Formatting Windows partitions for Linux

Hi Forum,

I have been dual-booting Vista and openSUSE 11.2 until my SUSE install is fully functional and now and I want rid of Vista and to reclaim the space for Linux.

fdisk -l

Disk /dev/sda: 320.1 GB, 320072933376 bytes
255 heads, 63 sectors/track, 38913 cylinders
Units = cylinders of 16065 * 512 = 8225280 bytes
Disk identifier: 0x28000000

   Device Boot      Start         End      Blocks   Id  System
/dev/sda1               1          31      248976   de  Dell Utility
/dev/sda2              32         293     2097152    7  HPFS/NTFS
Partition 2 does not end on cylinder boundary.
/dev/sda3             293       25859   205365244    7  HPFS/NTFS
/dev/sda4   *       25860       38913   104856255    f  W95 Ext'd (LBA)
/dev/sda5           25860       26121     2104483+  82  Linux swap / Solaris
/dev/sda6           26122       28732    20972826   83  Linux
/dev/sda7           28733       38913    81778851   83  Linux

sda2 and sda3 are the Vista partitions. sda2 is a recovery partition and sda3 is the main partition.

All data is safely copied from sda3 and now I want to reformat them for SUSE. I not bothered about partition resizing i.e. I am happy to just have the sda2/sda3 space available to SUSE and mount them somewhere.

  1. Do I need to do anything about the boot table first or can I just reformat sda2 & sda3?

  2. How should I format sda2/sda3? I’m guessing I need to unmount them and then format. Should I use ext4 or something else? Which command/tool should I use?

Many thanks indeed for your help…

It’s not a simple as all that. And I think you might find the details of what I mean rather perplexing.
I think you might be better leaving well alone.
But the simple solution, if you just need more space is to format the main windows partition and use it as a store partition. You can format it in Yast - Partitioner. It must be unmounted first. And be careful.

Thanks for the quick reply.

I only want the space to be available to Linux for installing software and storing data so reformatting using Yast - Partitioner should be fine I think?

However, please let me have all the details you think I’ll find perplexing - I’m happy to read all info! :slight_smile:

On reflection my Q1 was probably not relevant since even if I format sda3 the Vista entry in the boot table can remain and it will proaobly just complain that it can’t find an OS if I select Vista at boot-time…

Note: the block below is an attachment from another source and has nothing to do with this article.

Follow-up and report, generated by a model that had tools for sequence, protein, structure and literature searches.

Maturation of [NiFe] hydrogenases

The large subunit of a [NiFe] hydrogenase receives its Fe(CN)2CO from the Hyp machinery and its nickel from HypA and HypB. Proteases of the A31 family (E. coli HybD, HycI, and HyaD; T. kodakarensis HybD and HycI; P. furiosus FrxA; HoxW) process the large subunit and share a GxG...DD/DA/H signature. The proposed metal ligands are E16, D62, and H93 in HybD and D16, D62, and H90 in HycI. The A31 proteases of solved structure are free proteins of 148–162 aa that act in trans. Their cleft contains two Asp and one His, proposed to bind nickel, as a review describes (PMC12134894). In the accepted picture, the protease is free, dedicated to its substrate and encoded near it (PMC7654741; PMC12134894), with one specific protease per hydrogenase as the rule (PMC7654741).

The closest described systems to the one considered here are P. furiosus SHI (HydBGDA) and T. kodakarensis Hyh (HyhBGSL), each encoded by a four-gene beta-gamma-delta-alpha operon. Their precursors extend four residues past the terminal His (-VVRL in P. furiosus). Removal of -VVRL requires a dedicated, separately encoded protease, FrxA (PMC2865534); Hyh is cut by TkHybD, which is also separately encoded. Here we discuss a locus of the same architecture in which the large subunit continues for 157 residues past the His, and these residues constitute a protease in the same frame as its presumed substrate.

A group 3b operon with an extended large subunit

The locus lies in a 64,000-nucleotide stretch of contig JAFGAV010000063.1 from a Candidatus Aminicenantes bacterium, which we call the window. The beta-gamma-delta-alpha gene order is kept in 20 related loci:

As sda4 is your boot partition, there should not be a problem with creating a new fs on sda3.

Because you will loose your Vista you should remove the boot entry for it: Yast > System > Bootloader.

When your Vista partition is mounted on boot, that should be removed also. Unmount the partition and then remove te line from /etc/fstab (when you want help with this please show us* cat /etc/fstab*).

Then you can use YaST > System > Partitioning. I should make it ext4, let it mount by id (as the others are). Mount point is up to you, it depends very much on what you want to use the disk space for.

Here is my fstab:

cat /etc/fstab
/dev/disk/by-id/ata-WDC_WD3200BJKT-75F4T0_WD-WX80A69L1519-part5 swap swap defaults 0 0
/dev/disk/by-id/ata-WDC_WD3200BJKT-75F4T0_WD-WX80A69L1519-part6 / ext4 acl,user_xattr 1 1
/dev/disk/by-id/ata-WDC_WD3200BJKT-75F4T0_WD-WX80A69L1519-part7 /home ext4 acl,user_xattr 1 2
/dev/disk/by-id/ata-WDC_WD3200BJKT-75F4T0_WD-WX80A69L1519-part2 /windows/C ntfs-3g users,gid=users,fmask=133,dmask=022,locale=en_GB.UTF-8 0 0
/dev/disk/by-id/ata-WDC_WD3200BJKT-75F4T0_WD-WX80A69L1519-part3 /windows/D ntfs-3g users,gid=users,fmask=133,dmask=022,locale=en_GB.UTF-8 0 0
proc /proc proc defaults 0 0
sysfs /sys sysfs noauto 0 0
debugfs /sys/kernel/debug debugfs noauto 0 0
usbfs /proc/bus/usb usbfs noauto 0 0
devpts /dev/pts devpts mode=0620,gid=5 0 0

So, my actions should be (in this order):

  1. unmount /windows/D
  2. Remove the relevant line in fstab.
  3. Use YaST > System > Partitioning to format sda3 in ext4 format mounting by id and with my choice of mount point.
  4. Remove boot entry for Vista in Yast > System > Bootloader.
  5. Reboot and pray…

Sound ok?

Many thanks for the fast help!

I should move 4) to the first place, but actualy it does not matter very much.

The reboot is only for testing. After you have done the other things, you are done (when you have confidence in yourself :wink: ).

Sounds like it’s going to plan so far.

When this goes flawless, we have one more Linux expert :wink:

Everything is working so many thanks for the help.

I had to take ownership of it once formatted and mounted so I could write to it but apart from that it went flawlessly. So, I guess I’m an expert now then? :wink:

Looks like it - Well done

Definitly. These are the things that teach somebody a lot. Not in the last place understanding and confidence.

Congrats :shake: